Posts: 4711
Loc: SOCAL
I don’t want to judge motives, but their own words say that they didn’t have enough experience for that trip. According to the article at Sailboat survivors recount doomed Pacific voyage Appel had been sailing the Hawaiian Island’s for 10 years and yet short of the boat actually sinking, everything that could go wrong, did go wrong. Owning a boat and day sailing on and off for 10 years does not equate to being an experienced sailor.

I wonder if the Ashland’s crew dipped the fuel tank to see if there was any fuel remaining — maybe, but probably not. Pick up the survivors and hit the road, Ashland still had places to be after that little detour. My gut tells me that somewhere southeast of Japan there is a perfectly good 50 foot sailboat waiting to be salvaged.

wiki page for USS_Ashland (LSD-48)
Quote:
...On October 26, 2017, Ashland rescued two American women who were drifting and lost at sea for almost five months (the sailors' sailboat lost engine power early in their voyage). The two Honolulu, Hawaii residents had been sending mayday signals for almost three months until a Taiwanese fishing vessel heard their signal on October 25, 2017. The Taiwanese crew contacted the U.S. Coast Guard in Guam. In a coordinated rescue mission between the U.S. Coast Guard and Navy, Ashland found the two sailors and their two dogs drifting at sea about 900 miles off the coast of Japan. Everyone was in excellent condition because, the boat owners told authorities, they provisioned on board enough food for a year, and an unlimited water supply by using salt water desalination devices.

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#286944 - 10/31/17 02:13 AM Re: Rescued After 3 Months at Sea [Re: AKSAR]
Teslinhiker Offline
Veteran

Registered: 12/14/09
Posts: 1331
AKSAR is right. Something about this story is not adding up and starting to smell like 6 day old tuna...

The U.S. Coast Guard said Monday that the two Hawaii women who were lost at sea for five months had an emergency beacon aboard their sailboat that was never activated.

U.S. Coast Guard spokesman Lt. Scott Carr told The Associated Press that their review of the incident and subsequent interviews with the survivors revealed that they had the Emergency Position Indicating Radio Beacon (EPIRB) aboard but never turned it on.


Lost sailors did not activate emergency beacon
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#286949 - 10/31/17 03:45 AM Re: Rescued After 3 Months at Sea [Re: Teslinhiker]
Russ Online   content
Carpal Tunnel

Registered: 06/02/06
Posts: 4711
Loc: SOCAL
That article definitely indicates their story makes no sense and doesn't match up to reality. No storm and they had an EPIRB, the story doesn’t hold water. But what was their motivation? Attention? Publicity? There is such a thing as bad publicity. Is there maybe a story-line for a bad made-for-TV-movie?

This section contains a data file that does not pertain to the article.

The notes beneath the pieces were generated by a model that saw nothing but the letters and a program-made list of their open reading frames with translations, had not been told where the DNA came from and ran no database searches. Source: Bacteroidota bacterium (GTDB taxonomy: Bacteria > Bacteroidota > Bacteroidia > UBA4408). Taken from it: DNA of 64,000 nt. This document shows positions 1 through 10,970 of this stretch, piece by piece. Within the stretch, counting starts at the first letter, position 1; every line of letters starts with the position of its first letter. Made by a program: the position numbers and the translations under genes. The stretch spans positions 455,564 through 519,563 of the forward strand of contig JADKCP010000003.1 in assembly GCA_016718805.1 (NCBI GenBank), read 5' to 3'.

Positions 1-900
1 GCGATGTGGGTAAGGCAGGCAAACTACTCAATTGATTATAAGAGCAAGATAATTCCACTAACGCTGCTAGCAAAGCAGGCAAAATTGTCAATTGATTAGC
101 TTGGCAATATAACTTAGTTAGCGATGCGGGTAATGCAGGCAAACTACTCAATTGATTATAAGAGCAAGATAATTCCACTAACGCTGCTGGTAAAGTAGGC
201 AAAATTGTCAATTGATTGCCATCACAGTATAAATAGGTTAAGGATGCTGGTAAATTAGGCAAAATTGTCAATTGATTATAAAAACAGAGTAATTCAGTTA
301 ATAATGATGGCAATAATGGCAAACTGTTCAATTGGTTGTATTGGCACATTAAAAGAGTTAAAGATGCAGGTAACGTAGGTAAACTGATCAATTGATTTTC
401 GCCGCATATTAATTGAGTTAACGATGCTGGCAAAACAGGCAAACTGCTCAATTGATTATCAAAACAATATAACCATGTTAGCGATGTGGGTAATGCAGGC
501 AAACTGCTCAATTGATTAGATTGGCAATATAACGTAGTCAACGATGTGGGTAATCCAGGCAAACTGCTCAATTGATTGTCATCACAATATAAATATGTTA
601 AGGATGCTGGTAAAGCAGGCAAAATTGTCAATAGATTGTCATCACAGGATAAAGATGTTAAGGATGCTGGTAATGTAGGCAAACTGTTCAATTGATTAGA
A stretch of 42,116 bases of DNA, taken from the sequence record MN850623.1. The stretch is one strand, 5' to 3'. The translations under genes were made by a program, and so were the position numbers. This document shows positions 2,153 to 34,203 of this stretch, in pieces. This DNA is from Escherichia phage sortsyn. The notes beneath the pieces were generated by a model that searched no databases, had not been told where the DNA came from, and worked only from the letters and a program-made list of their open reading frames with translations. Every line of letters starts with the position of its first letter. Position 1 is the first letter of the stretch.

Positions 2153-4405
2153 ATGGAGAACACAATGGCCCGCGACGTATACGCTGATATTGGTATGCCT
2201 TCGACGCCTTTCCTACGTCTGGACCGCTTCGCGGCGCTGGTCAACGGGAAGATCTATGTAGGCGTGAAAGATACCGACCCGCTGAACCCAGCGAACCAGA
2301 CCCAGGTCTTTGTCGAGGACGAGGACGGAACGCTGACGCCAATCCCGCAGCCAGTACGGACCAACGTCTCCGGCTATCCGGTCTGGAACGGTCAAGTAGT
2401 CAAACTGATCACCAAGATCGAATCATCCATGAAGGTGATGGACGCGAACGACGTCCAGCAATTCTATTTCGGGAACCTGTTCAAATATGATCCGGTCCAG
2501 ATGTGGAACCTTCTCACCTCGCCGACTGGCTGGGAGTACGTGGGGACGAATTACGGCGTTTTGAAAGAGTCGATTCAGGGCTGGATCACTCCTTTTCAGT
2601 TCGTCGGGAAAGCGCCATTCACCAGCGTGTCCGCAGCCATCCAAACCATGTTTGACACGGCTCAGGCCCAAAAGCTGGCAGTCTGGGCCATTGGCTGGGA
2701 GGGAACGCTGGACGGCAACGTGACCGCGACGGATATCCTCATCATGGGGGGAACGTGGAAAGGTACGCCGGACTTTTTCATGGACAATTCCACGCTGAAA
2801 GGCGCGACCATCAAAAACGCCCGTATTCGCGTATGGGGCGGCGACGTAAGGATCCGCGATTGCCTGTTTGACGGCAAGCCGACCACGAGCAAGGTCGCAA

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#286952 - 10/31/17 11:06 AM Re: Rescued After 3 Months at Sea [Re: Teslinhiker]
Teslinhiker Offline
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Registered: 12/14/09
Posts: 1331
Even more inconsistencies are being revealed about this bizarre story.

http://www.cbc.ca/news/world/lost-at-sea-women-dogs-1.4379649
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Earth and sky, woods and fields, lakes and rivers, the mountain and the sea, are excellent schoolmasters, and teach some of us more than we can ever learn from books.

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#286953 - 10/31/17 11:56 AM Re: Rescued After 3 Months at Sea [Re: Teslinhiker]
bws48 Offline
Old Hand

Registered: 08/18/07
Posts: 816
Loc: Anne Arundel County, Maryland
I find the June radio contact reported in the article, wherein the captain reported that they were not in distress and expected to make land fall the next morning in Tahiti, to be pretty damaging to their story.

Also, reports on tv news this am claim that she said that she would have used the EPRIB only if they were in immediate danger (or words to that effect). Yet on rescue, she also said that they "would have been dead within 24 hours" if they had not been rescued. What?????? dead in 24 hours is not immediate danger???
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#286954 - 10/31/17 12:29 PM Re: Rescued After 3 Months at Sea [Re: dougwalkabout]
bws48 Offline
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Registered: 08/18/07
Posts: 816
Loc: Anne Arundel County, Maryland
Found another article that cites additional inconsistent actions, like not turning back, bypassing an island where they could have made repairs, and setting a destination farther away than their original.
http://www.dailymail.co.uk/news/article-5033909/Lost-sailors-did-not-activate-emergency-beacon.html
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#286955 - 10/31/17 01:40 PM Re: Rescued After 3 Months at Sea [Re: bws48]
hikermor Offline
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Registered: 08/26/06
Posts: 6233
Loc: southern Cal
https://www.msn.com/en-us/news/us/questi...-sea/ar-AAugiZk